Have you ever noticed yourself grinding your teeth or clenching your jaw? Has your spouse or partner ever mentioned the sound of your teeth grinding together at night? Most people only suffer from bruxism when they sleep at night, but some unlucky souls grind and clench in the daytime, too. Some people may not even be aware that they are damaging their teeth every night while they sleep. This is unfortunate, because untreated bruxism can do a lot of harm and usually doesn’t go away on its own.
Do you suspect you grind your teeth at night when you sleep? Call our dental office to learn more about the risks of bruxism, Clinton NJ as well as possible treatments. To schedule an appointment, contact us online or call our office at 908-200-7007.
Signs and Risks of Bruxism
Some patients know for a fact that they tend to clench their jaw or grind their teeth. However, since it happens the mostly when we are fast asleep, many patients may be unaware they have a problem.
Some signs that may indicate bruxism include:
- Waking with a sore jaw
- Morning headaches in the temples
- A gritty feeling in the mouth in the morning
- Waking with your jaw firmly clenched shut
- A family member noticing the tell-tale sound of teeth grinding together
- Sensitive teeth, especially in the back of the mouth
- Worn down or cracked tooth enamel
Bruxism can threaten your oral health in some pretty significant ways. Teeth may seem very hard and resilient, but constant friction, tooth-on-tooth, can lead to structural damage. Enamel can become worn down and teeth can develop cracks that may deepen over time. It can even cause teeth to become loosened and make you more likely to develop gum disease and tooth decay.
Beyond the damage to your teeth, bruxism can cause chronic headaches and pain in the jaw. When the jaw muscles are used constantly throughout the night, fatigue and soreness may result. It can even lead people with proper bite alignment to develop symptoms of temporomandibular joint disorder (TMD).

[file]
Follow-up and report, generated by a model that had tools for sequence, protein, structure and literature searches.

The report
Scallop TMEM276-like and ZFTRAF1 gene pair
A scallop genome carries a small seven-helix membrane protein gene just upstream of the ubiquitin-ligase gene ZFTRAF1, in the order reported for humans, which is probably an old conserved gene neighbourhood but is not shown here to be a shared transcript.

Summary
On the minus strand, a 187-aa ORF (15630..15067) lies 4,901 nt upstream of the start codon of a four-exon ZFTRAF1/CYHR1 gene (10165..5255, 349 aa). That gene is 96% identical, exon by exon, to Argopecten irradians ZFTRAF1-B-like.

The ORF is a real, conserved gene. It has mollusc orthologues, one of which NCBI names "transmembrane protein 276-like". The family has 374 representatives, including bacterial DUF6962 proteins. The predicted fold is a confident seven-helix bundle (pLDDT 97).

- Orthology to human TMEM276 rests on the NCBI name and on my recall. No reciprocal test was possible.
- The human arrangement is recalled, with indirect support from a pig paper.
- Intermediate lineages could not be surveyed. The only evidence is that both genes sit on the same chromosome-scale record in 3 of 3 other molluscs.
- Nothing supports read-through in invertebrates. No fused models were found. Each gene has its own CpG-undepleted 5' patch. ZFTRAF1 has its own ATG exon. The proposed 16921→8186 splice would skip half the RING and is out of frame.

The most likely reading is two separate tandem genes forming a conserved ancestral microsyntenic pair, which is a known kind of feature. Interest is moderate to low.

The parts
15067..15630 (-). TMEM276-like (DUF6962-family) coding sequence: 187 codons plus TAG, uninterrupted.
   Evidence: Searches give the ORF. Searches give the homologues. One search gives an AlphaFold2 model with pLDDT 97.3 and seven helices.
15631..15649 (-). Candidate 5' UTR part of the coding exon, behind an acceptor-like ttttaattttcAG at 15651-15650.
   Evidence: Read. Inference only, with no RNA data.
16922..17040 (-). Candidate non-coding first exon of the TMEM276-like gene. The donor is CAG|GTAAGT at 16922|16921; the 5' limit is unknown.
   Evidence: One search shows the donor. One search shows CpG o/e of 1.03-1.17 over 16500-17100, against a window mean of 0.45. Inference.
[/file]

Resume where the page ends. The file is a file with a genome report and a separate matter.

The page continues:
What Causes Bruxism?
Officially, there is no clearly defined cause behind persistent grinding of the teeth and clenching of the jaw. Some people just do it, while others don’t. Some patients notice it gets worse when they are under stress, while others do it all the time.
It is theorized that temporomandibular joint (TMJ) disorder may be connected to bruxism, as many TMD sufferers also grind their teeth. When the bite is not properly aligned, the joints of the jaw do not function optimally. This can lead to stress and muscle fatigue that may cause the jaw muscles to “work overtime” when they should be resting.
It’s also been proposed that hereditary factors may play a role, since bruxism tends to be more common in some families, but not others. Some think some cases of bruxism may be rooted in a neurological disorder, as certain medications that alter one’s brain chemistry are known to cause jaw clenching and teeth grinding.
Ultimately, there’s no way to cure bruxism, but there are ways to treat it. Treatments from your dentist can help reduce the potential damage to your tooth enamel, as well as the headaches caused by jaw clenching.
How a Dentist Can Help with Bruxism, Clinton NJ
If you suspect you may be a grinder/clencher, talk to your dentist about an oral appliance for bruxism. While we can’t stop you from grinding your teeth, we can mitigate further damage to your enamel. A small customized device can be worn when you sleep to provide cushioning between the teeth and prevent further damage. If you have already sustained serious damage to your enamel, we can provide you with dental crowns to protect the and restore your teeth.
Call our office to learn more about bruxism, Clinton NJ. Dr. Victoria Uryniak or Dr. Carson Ferris-Zeolla will examine your teeth for signs of bruxism and help you understand your options for preventing further damage. Contact us online or call our office at 908-200-7007 to make an appointment.